Sheth also points out, “Automation and, especially AI, comes with a unique set of trust issues; not only is the technology new, but it promises to disrupt nearly every existing industry. Many companies claim to be using RPA or AI in some capacity. This hype cycle can lead to over-exaggerated marketing claims and overpromised development results, a phenomenon currently referred to as ‘AI washing’. The issue is to promote authentic engagement and motivation across an organisation by building real and valuable relationships and not overpromising to customers or employees.”
Another leading RPA player, UiPath believes that automation is the future of work — the companies that think automation-first adapt, thrive, and win while global productivity drastically increases. Raghunath Subramanian, President and CEO – India, UiPath says, “We are at the beginning of the RPA revolution where several emerging technologies like AI and machine learning will converge to drive innovation and agility. With RPA not confined to a single vertical or industry, we find use cases across all industry verticals and business horizontals. On the flip side, this unprecedented market growth also poses a challenge as we need to keep pace with the rapid product evolution process and ensure the availability of an RPA talent pool.”
Early movers to RPA
With the boom in the RPA industry, a new genre of jobs has been created. The need for trained developers in RPA and AI has increased immensely due to rapid adoption of RPA across industries. RPA is developing as a true horizontal phenomenon for every industry. There has been significant adoption of RPA solutions by GICs, financial institutions, telecom service providers, technology and manufacturing companies. Players like Automation Anywhere have met as many as 500 clients in the last three months, most of which are from the technology side.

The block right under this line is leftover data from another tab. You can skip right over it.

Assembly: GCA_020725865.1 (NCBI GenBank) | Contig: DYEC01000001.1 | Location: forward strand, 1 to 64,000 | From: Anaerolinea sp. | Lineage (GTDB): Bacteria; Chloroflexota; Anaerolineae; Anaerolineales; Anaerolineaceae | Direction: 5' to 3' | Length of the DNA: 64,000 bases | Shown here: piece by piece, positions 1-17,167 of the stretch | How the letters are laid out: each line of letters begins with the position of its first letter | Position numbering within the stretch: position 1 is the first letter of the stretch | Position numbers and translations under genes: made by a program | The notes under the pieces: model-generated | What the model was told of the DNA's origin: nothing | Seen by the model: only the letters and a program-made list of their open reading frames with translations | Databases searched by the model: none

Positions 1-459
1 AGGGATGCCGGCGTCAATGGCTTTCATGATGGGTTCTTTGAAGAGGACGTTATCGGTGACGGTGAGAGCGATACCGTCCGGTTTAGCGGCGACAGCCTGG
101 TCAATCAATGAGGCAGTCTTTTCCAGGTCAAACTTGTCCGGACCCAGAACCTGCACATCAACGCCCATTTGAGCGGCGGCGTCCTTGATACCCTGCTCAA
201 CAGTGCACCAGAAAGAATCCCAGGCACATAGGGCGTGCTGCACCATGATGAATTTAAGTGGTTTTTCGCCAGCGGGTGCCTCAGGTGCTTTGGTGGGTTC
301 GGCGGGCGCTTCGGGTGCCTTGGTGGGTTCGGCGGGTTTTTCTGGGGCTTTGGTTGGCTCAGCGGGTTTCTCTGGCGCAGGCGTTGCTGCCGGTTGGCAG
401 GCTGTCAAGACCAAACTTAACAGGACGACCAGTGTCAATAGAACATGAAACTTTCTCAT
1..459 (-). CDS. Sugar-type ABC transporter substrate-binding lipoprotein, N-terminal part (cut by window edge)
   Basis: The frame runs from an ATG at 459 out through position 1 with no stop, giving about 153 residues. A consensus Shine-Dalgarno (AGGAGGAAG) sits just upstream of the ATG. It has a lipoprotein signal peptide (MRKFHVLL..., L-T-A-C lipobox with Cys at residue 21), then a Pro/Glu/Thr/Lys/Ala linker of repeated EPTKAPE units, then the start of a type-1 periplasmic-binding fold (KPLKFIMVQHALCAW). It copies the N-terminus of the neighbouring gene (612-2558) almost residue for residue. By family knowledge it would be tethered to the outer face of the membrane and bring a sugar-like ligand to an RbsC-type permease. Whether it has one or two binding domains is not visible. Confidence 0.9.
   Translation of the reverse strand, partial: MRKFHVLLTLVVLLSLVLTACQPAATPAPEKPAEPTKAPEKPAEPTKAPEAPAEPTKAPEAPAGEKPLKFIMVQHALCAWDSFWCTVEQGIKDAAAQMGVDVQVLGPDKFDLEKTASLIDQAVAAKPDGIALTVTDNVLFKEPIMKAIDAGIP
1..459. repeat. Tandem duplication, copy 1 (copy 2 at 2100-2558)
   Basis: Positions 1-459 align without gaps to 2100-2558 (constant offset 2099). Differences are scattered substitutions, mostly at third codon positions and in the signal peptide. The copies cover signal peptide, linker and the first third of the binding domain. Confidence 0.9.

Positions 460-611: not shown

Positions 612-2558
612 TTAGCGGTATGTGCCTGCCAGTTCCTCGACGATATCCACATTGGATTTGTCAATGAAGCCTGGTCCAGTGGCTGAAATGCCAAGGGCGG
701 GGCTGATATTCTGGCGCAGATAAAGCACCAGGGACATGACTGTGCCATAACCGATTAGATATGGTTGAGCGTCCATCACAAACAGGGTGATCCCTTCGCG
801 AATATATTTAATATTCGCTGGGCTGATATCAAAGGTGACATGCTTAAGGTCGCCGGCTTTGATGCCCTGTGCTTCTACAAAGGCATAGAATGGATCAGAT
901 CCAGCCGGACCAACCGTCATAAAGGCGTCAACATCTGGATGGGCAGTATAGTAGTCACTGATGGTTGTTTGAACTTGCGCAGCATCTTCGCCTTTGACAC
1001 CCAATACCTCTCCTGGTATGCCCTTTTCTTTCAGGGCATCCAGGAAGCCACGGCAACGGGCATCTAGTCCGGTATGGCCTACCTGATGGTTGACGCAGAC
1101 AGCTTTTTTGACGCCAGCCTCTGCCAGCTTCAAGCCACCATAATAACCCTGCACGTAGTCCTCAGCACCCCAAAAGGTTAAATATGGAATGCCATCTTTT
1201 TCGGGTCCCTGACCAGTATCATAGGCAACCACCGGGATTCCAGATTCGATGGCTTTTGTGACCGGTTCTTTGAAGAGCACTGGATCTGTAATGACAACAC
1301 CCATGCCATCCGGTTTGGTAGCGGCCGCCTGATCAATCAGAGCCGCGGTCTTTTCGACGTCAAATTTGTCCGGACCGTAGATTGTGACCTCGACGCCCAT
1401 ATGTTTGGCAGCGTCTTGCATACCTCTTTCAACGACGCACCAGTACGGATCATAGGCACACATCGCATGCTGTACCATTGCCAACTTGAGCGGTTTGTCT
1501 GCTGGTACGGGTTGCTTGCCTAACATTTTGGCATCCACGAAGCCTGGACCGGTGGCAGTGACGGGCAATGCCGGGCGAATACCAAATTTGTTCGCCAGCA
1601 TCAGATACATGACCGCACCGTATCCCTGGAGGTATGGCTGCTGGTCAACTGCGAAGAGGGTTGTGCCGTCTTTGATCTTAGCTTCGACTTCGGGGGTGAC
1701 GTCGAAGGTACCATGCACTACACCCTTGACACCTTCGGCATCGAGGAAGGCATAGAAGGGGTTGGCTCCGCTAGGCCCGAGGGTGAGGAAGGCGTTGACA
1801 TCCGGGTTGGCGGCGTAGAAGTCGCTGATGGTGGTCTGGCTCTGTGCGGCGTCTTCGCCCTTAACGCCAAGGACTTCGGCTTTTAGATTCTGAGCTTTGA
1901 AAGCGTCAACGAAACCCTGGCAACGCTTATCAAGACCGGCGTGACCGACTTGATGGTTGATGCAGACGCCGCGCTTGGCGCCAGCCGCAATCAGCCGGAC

“Companies like ANZ Global Hubs and Adani Group have started implementing RPA, as they have the objective to bring next wave of efficiency, controls, and speed of execution. The intention for organisations is to create in-house, scalable and agile Centre of Excellence (CoE), which not only caters to the finance function, but also other domains like HR, admin, procurement, stores, MDM, marketing and other corporate functions. We have seen unprecedented ecosystem growth in the first quarter of 2019, with more than 2,800 customer entities and 1,600 enterprise brands using the company’s intelligent RPA platform. This growth reinforces the company’s position as the industry’s most widely deployed, enterprise-grade RPA solution,” informs Sheth.
Reddy at Pegasystems India says, “We recommend companies to identify their most critical tasks that would benefit from RPA and begin transforming processes gradually. This is resulting in a lot of traction because it helps companies get started on digital transformation and remain competitive without overhauling their entire IT system. However, to be truly digital from end-to-end over time, they should look at Digital Process Automation (DPA). RPA gives them a head-start to make quick fixes while they implement ways for more permanent fixes through long-term measures like DPA. Customers like the Government of Andhra Pradesh are leveraging the power of DPA, while firms in other industries are realising the benefits of long-term process fixes, as opposed to short-term fixes that are prone to break and derail their digital transformation efforts.”
Peter Gartenberg, Managing Director and President, Indian subcontinent, Blue Prism, mentions that Blue Prism’s Connected RPA is being deployed across thousands of processes in every vertical sector. “More recently, organisations are leveraging Blue Prism’s deep AI expertise and ‘connected’ ecosystem to automate or completely reimagine their processes to deliver far superior customer experiences and business process execution (e.g. rapid loan processing, client onboarding, 24/7 self-service, KYC, etc).”
RPA to redefine new jobs